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Bug Government The Military

Today In Year-based Computer Errors: Draft Notices Sent To Men Born In the 1800s 205

sandbagger (654585) writes with word of a Y2K-style bug showing up in Y2K14: "The glitch originated with the Pennsylvania Department of Motor Vehicles during an automated data transfer of nearly 400,000 records. The records of males born between 1993 and 1997 were mixed with those of men born a century earlier. The federal agency didn't know it because the state uses a two-digit code to indicate birth year." I wonder where else two-digit years are causing problems; I still see lots of paper forms that haven't made the leap yet to four digits.
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Today In Year-based Computer Errors: Draft Notices Sent To Men Born In the 1800s

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  • by Zontar_Thing_From_Ve ( 949321 ) on Thursday July 10, 2014 @02:21PM (#47425767)
    While the linked to article, a US TV station news site, does call it a "draft notice", I suppose I should explain to the non-US people here that this is not technically correct. There has been no draft in the US since the end of the Vietnam War. For roughly 40 years now, the US has had an all volunteer army. What Selective Service is required to do is to contact US citizen males on their 18th birthday and advise them that for the next 10 years they need to let Selective Service know their new address every time they move because in theory, in a national emergency Congress could pass a law reinstating the military draft and Selective Service is required to maintain accurate records of those who might theoretically be subject to such a draft. Whether such a draft would ever be done again is a great question, given how Congress currently seems incapable of passing anything non-controversial, let alone something as controversial as reinstating the draft. A crackpot Congressman or two has tried to get the draft reinstated and it's never had enough support to even get a vote on the floor of the House of Representatives. Whatever this is, technically speaking it's not a "draft notice".

    Not to digress, but for those who don't know, the draft was very controversial during the Vietnam War, with the rich and powerful were able to get their sons exceptions to the draft or get them plum assignments in the National Guard that wouldn't require them to actually go to Vietnam. Listen to Credence Clearwater Revival's "Fortunate Son", which was written about the practice. There was so much animosity about the unfairness of the draft and the compulsion to fight in a war that nobody but a small number of politicians seemed to want that the US switched to a voluntary system, but one of the deals cut to move to this system was that Selective Service had to know where to get young men should the draft ever get reinstated. And yes, female US citizens are not subject to this at all.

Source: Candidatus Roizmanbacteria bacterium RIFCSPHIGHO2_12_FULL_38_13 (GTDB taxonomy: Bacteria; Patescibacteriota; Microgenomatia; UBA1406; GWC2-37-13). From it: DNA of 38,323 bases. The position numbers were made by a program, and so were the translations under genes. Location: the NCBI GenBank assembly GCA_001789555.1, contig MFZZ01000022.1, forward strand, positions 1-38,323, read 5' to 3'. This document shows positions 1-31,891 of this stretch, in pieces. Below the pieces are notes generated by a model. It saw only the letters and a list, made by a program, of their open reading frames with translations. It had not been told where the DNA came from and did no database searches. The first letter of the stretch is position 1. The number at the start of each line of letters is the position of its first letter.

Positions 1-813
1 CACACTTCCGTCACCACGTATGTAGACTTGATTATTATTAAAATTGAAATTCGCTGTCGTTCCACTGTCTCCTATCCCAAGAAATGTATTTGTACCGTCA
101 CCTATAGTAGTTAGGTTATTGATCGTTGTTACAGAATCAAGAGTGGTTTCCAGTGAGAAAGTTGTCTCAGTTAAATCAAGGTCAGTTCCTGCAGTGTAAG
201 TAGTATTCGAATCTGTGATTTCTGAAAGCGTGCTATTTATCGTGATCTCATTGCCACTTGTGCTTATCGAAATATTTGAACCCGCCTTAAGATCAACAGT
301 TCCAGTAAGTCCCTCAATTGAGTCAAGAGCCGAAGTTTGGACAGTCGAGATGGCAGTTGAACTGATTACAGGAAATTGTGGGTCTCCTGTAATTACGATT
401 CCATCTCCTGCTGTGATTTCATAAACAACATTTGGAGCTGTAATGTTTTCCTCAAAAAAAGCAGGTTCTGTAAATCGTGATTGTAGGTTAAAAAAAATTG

• by ShanghaiBill ( 739463 ) on Thursday July 10, 2014 @03:07PM (#47426135)

    a war that nobody but a small number of politicians seemed to want

    This is revisionist nonsense. Vietnam was the most popular war in US history. At the time of the Tonkin Gulf Resolution [wikipedia.org], 90% of American's supported deeper involvement. No other war has ever had so much support. For instance, only 70% of Americans thought the 2003 invasion of Iraq was a good idea. Of course, support for any war declines as it drags on, especially if we appear to be losing. But it is a lot easier to get into a war than out, so it is only the support at the beginning that matters.

    The Gulf of Tonkin Resolution passed the Senate with 98 votes. The two senators that opposed it were both voted out of office at the next election. It is silly to say that this war was forced on the American people by the politicians, when the truth is that it was fear of the voters that pushed the politicians into supporting the war.

  • by mwehle ( 2491950 ) on Thursday July 10, 2014 @05:01PM (#47427025) Homepage

    Phrases like "revisionist nonsense" and "it is silly to say" should likely be used sparingly unless you have a very deep grasp of your subject matter.

    Conflating the Tonkin Gulf Resolution with America's war in Vietnam would be a mistake. In bringing Tonkin into an argument you may wish to acquaint yourself with records detailing the Johnson Administration's orchestration of the resolution. See Michael Beschloss's work for instance, or the Pentagon Papers, either portions of the full set or the single volume if your time is short. With Tonkin Johnson was reacting from fear of voters, but the documentary record shows clearly that the Administration wished to expand the war despite public sentiment, not because of it.

    In arguing that the war in Vietnam was popular you will likely want to look at some actual polling data, http://www.gallup.com/poll/119... [gallup.com] for instance. Anecdotal evidence such as Nixon's 1968 platform may also prove useful to you.

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